In July 2019, head coach Neil Graham was hired as an assistant coach of the AHL affiliate Texas Stars and was replaced by Steelheads' assistant Everett Sheen.


The Steelheads' most notable rival are the Utah Grizzlies due to proximity.

The team's former rivals include the refugees of the old WCHL: the Alaska Aces, Fresno Falcons, and Bakersfield Condors.[17] In their original markets, their common history stretched back nearly twenty years. Fresno then folded in 2008, Bakersfield relocated to become the new Norfolk Admirals in 2015, and the Alaska franchise folded in 2017 before it was sold to become the Maine Mariners.

Until their 2014 suspension of operations,[18] the Steelheads also had a rivalry with the Las Vegas Wranglers due to their frequent playoff meetings.



All Steelheads games are broadcast on AM 1350 KTIK in Boise and have been since the 1997 inception of the franchise. KTIK and the Steelheads were under the same ownership until Citadel Broadcasting's 2002 purchase of the station. Collin Schuck[19] is the voice of the Steelheads for all home and away games since joining the organization in 2018.

Season-by-season record

Note: GP = Games played, W = Wins, L = Losses, OTL = Overtime losses, SOL = Shootout losses, Pts = Points, GF = Goals for, GA = Goals against, PIM = Penalties in minutes

Records as of end of the 2018–19 ECHL season.[20]

Regular season Playoffs
SeasonLeagueGPWLOTLSOLPtsGFGAPIMStandingCoachYear1st round2nd round3rd roundFinals
1997–98WCHL64273076125327520573rd, NorthDave Langevin1998L, 1–3, ANC
1998–9971313466826529820274th, NorthClint Malarchuk1999L, 0–2, TAC
1999–0072313656728730019434th, NorthClint Malarchuk2000L, 0–3, TAC
2000–0172472149829324416311st, NorthJohn Olver2001W, 3–0, ANCW, 3–0, COLL, 3–4, SDG
2001–02724717810228821318461st, NorthJohn Olver2002W, 3–1, ANCW, 3–2, TACL, 2–4, FRE
2002–03725216410826718614211st, WCHLJohn Olver2003L, 2–4, FRE
2003–04ECHL72402398921920817253rd, PacificJohn Olver2004W, 3–2, LVW, 3–1, AKW, 3–1, GWTW, 4–1, FLA
2004–05724223259122318314373rd, WestJohn Olver2005L, 1–3, LBH
2005–06724321449426822116503rd, WestDerek Laxdal2006L, 3–4, LV
2006–07724224249024020816212nd, WestDerek Laxdal2007W, 4–2, STKW, 4–2, LVW, 4–1, AKW, 4–1, DAY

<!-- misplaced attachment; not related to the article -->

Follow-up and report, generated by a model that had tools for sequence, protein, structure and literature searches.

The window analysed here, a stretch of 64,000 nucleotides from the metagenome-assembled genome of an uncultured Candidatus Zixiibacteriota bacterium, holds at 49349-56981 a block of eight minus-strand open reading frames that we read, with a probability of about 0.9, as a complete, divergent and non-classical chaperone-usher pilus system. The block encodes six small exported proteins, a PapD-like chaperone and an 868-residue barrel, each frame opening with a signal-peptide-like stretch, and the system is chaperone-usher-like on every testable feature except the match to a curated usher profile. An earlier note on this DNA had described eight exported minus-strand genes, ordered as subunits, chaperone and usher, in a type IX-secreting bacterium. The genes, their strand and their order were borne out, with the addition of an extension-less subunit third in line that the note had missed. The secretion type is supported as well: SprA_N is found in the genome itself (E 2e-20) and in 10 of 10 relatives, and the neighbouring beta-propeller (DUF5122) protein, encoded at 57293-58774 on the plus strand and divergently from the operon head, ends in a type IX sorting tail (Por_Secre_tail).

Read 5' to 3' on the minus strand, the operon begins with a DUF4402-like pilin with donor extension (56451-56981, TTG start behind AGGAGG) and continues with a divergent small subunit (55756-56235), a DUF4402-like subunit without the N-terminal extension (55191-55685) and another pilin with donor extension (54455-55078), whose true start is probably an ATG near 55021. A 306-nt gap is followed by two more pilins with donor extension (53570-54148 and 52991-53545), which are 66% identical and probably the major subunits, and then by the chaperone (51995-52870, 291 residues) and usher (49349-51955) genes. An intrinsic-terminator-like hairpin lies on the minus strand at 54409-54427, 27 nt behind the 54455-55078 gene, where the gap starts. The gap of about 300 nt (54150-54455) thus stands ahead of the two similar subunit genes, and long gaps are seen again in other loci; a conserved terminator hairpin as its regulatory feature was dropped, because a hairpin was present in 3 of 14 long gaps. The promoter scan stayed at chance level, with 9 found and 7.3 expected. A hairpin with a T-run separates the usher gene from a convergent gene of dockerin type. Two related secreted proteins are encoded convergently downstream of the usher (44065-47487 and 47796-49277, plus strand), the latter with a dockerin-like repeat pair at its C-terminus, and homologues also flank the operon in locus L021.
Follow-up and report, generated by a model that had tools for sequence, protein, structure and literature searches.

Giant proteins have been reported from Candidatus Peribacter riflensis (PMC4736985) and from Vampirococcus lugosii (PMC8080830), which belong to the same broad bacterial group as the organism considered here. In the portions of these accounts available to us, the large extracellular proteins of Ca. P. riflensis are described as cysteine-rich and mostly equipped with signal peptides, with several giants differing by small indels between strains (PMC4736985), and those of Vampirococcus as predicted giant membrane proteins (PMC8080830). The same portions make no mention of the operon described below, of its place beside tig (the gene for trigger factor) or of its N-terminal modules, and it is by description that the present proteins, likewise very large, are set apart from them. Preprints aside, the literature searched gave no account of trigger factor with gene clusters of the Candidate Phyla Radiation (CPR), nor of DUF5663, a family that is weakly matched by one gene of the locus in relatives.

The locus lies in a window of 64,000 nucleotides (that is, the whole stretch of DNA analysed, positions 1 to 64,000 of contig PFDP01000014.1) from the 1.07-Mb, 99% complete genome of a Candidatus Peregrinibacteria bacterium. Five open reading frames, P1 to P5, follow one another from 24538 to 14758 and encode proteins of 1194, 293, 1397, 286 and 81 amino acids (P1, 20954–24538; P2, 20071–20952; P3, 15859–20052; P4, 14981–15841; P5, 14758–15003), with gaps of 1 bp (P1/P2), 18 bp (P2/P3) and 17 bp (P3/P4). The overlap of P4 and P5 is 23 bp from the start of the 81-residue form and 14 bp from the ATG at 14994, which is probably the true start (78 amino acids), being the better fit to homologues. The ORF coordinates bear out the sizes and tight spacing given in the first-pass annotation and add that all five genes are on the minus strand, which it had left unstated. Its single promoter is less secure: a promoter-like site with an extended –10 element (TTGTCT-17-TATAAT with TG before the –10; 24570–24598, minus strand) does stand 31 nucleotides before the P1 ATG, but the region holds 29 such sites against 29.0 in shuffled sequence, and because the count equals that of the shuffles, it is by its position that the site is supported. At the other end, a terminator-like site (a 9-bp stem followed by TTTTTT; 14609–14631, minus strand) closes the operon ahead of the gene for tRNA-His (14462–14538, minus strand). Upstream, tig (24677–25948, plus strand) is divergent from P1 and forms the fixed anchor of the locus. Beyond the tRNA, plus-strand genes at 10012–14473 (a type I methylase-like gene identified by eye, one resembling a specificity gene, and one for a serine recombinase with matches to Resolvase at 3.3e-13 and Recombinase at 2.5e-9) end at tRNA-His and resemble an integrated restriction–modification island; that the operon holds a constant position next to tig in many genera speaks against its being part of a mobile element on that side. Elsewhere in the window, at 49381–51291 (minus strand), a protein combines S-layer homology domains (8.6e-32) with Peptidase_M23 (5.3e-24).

2007–08724022559022418314922nd, WestDerek Laxdal2008L, 0–4, AK
2008–09724424229022418613612nd, WestDerek Laxdal2009L, 0–4, VIC
2009–107248172510326019113611st, WestDerek Laxdal2010BYEW, 4–0, UTAW, 4–2, STKL, 1–4, CIN
2010–11723227497722521711242nd, MountainHardy Sauter2011W, 3–2, LVL, 0–4, AK
2011–12723132277119423611694th, MountainHardy Sauter2012W, 3–2, ONTL, 1–4, LV
2012–13724520169726219813372nd, MountainBrad Ralph2013W, 4–2, COLW, 4–2, ONTL, 1–4, STK
2013–14723926348522321214182nd, MountainBrad Ralph2014W, 4–2, COLL, 1–4, AK
2014–157248182410225818711701st, PacificBrad Ralph2015L, 2–4, UTA
2015–1672382473862031879172nd, WestNeil Graham2016L, 3–4, ALN
2016–17724322529323420611223rd, MountainNeil Graham2017L, 1–4, COL
2017–18724420539624418812402nd, MountainNeil Graham2018W, 4–3, ALNL, 0–4, COL
2018–19724125428824120314102nd, MountainNeil Graham2019W, 4–1, UTAL, 2–4, TUL


Current roster

Updated November 25, 2019.[21]
# Nat Player Pos S/G Age Acquired Birthplace Contract
27 Zack Andrusiak LW L 21 2019 Yorkton, Saskatchewan Steelheads
17 Joe Basaraba RW R 27 2019 Fort Frances, Ontario Steelheads
16 Conner Bleackley C R 23 2019 High River, Alberta Steelheads
90 Tony Calderone RW R 25 2019 Trenton, Michigan Dallas
9 Max Coatta RW R 25 2019 Minnetonka, Minnesota Steelheads
26 Tye Felhaber LW L 21 2019 Pembroke, Ontario Dallas
51 Freddy Gerard F L 25 2019 Rocky River, Ohio Steelheads
21 Nolan Gluchowski D R 25 2018 Wixom, Michigan Steelheads
44 Tanner Jago D L 25 2019 Brandon, Manitoba Texas
5 Keegan Kanzig (A) D L 24 2018 Athabasca, Alberta Steelheads
3 Jeff King D R 23 2018 St. Clair, Michigan Steelheads
91 Matt Lippa F R 25 2019 Richmond Hill, Ontario Steelheads
28 Will Merchant LW L 25 2019 Eagan, Minnesota Steelheads